You and others have convinced me that the "Bush Lied" statement doesn't further this discussion. But by arguing that individual bits of evidence suggest that Bush somehow didn't (open quotation fingers) "lie" (close quotation fingers), you miss the larger context.

And that larger context has ramifications. Even in Iran is the problem that the White House says it is (and I'm not equipped to argue the case either way at the moment), the administration's record since 2002 has cost it the ability to build a case for any kind of action. This is true abroad, but it's also now true at home.

Sometimes I think you're playing devil's advocate. I don't give that same respect to some of the other contrary voices on Press Think.



"But they are not the subject of the current debate, unless the argument is 'Who is Dumber?'"

That is a point of frustration for me. I do not want my comments to be manifestos (which would not be rare in PressThink comments) or - what did you call them - "goat-chokers." It's not a comparison of this Republican President vs. that Democrat President or Dubya vs. Bubba.

Instead, it's meant to be a longer view than that allowed in the narrative bias of news journalism.

For example, prior to Desert Storm, the intelligence was that Saddam had stocks of chem/bio from the Iran-Iraq war and would use them. It was the first modern war to be fought in MOPP4. Didn't happen.

Then there was Khamisiyah

Iraq was years away from acquiring centrifuges and bombs, but they were much closer than we thought.

As best as I can tell, we've been "all wrong" about Iraq's WMD from before Desert Storm, both underestimating and overestimating.

So then I wonder, as if in a Die Hard sequel, "Why does this keep happening to us?"

But I find that such strategic errors are common. I find similarities in the intel leading up to the Korean War, occupying South Korea, and so on.

So yes, I understand that I offer links to a longer view than the story context "that must have a beginning, middle, and end--in other words, a plot with antagonists and protagonists." [Cline]

When you ask, "I don't understand why the weight of that evidence hasn't led you to a different conclusion." What conclusion? That there are protagonists and antagonists? That your protagonists and antagonists are the correct ones?



Nope, and I think that's a question leading to an oxbow. We both understand the narrative bias concept, and I think we can agree there's more going on here than just poor construction of the public narrative. In fact, framing this in terms of press criticism is simply too limited a frame of reference. There IS a press story here (and Jay Rosen is deconstructing it), but I think even Jay has reached the point where he's acknowledging that the press story is just a sidebar.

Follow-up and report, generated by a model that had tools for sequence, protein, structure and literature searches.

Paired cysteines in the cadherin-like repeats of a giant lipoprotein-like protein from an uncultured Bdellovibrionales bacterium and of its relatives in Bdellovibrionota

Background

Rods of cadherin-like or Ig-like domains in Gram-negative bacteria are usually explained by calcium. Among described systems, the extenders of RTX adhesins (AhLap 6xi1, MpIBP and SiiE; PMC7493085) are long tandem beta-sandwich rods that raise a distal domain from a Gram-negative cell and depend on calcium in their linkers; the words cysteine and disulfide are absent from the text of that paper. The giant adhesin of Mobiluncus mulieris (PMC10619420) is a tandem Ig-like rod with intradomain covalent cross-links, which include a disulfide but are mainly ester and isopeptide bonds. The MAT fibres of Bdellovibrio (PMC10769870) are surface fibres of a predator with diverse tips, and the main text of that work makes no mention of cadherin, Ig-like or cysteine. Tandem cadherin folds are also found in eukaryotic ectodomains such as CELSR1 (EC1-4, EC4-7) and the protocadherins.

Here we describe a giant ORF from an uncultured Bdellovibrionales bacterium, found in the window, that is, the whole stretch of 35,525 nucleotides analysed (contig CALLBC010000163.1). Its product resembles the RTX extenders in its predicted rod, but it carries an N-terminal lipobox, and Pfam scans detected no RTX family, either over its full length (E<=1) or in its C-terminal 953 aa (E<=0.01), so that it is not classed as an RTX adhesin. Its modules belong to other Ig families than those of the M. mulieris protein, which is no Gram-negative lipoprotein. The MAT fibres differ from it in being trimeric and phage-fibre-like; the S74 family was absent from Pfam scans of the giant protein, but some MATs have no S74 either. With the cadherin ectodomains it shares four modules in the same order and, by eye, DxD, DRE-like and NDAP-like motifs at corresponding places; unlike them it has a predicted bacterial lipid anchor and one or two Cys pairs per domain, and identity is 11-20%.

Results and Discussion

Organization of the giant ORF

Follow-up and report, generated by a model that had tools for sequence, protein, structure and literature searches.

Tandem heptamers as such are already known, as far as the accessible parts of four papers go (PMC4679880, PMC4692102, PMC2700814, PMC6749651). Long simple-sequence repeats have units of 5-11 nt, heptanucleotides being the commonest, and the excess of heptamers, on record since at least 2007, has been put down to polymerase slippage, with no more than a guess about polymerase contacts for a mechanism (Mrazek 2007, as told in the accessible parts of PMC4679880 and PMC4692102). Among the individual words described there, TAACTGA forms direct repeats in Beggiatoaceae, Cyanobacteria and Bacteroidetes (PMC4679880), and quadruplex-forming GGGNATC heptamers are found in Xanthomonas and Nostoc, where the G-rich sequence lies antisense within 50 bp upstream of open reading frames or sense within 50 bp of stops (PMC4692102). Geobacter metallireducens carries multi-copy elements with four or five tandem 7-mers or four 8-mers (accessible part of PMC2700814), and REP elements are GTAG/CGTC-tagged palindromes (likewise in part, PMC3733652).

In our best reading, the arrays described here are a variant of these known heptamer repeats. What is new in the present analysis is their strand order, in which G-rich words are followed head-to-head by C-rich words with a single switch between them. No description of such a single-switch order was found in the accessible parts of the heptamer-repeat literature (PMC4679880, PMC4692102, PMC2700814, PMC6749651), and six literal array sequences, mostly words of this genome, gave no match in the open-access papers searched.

So when I talk about conclusions, I'm talking about evaluating credibility of sources. And the conclusion that I've reached is that the current administration just doesn't have much left. That's not a statement about the administration's critics, so arguing the credibility of this critic or that critic doesn't get us anywhere.

Do we need to catalog the weight of the evidence? Is there a standard that I would have to meet to pursuade you that the administration no longer deserves the benefit of the doubt on matters of national security? At what point do you say "this is a failure, the nation has been damaged, and it's time to start figuring out how to fix this?"

Because to be blunt, having bad intelligence and pursuing a policy of containment is one thing. But to doggedly pursue a course that leads to war? I think it's important for the future health of our democratic institutions that government officials who ask the people for their support in such an endeavor rigorously vett their claims. Are you satisfied that this was done? Was it done to your satisfaction?


You know, maybe it's just this: When you are solving a mystery, you have have a hypothesis, because you're looking for an explanation that best fits the available facts. So maybe i'm wrong to talk about conclusions. Maybe the real conversation is about working hypotheses.

My original hypothesis was that the administration was correct and that the war was a good gamble given the risks of nuclear and biological terror. That changed to a hypothesis that the intel had been flawed but some good could still come of our engagement in the Middle East. That was replaced by a sense of profound betrayal, and eventually by my current hypothesis: That the administration, for motives I do not know, pursued a war with Iraq based on shoddy evidence, shut out the voices of restraint within its ranks, ignored warnings from professionals, and basically mishandled the operation from the beginning. Based on that picture of their performance, I don't trust this group to be able to fix the mess they've created, and I'd wager that serious Congressional investigation will find further problems.

Your hypothesis?



re: At what point do you say "this is a failure, the nation has been damaged, and it's time to start figuring out how to fix this?"

Starting on Day 1 and ending the day you give up.

re: Are you satisfied that this was done? Was it done to your satisfaction?

No and no.

re: Your hypothesis?

See Truman and Korea.


OK buddy -- fair enough.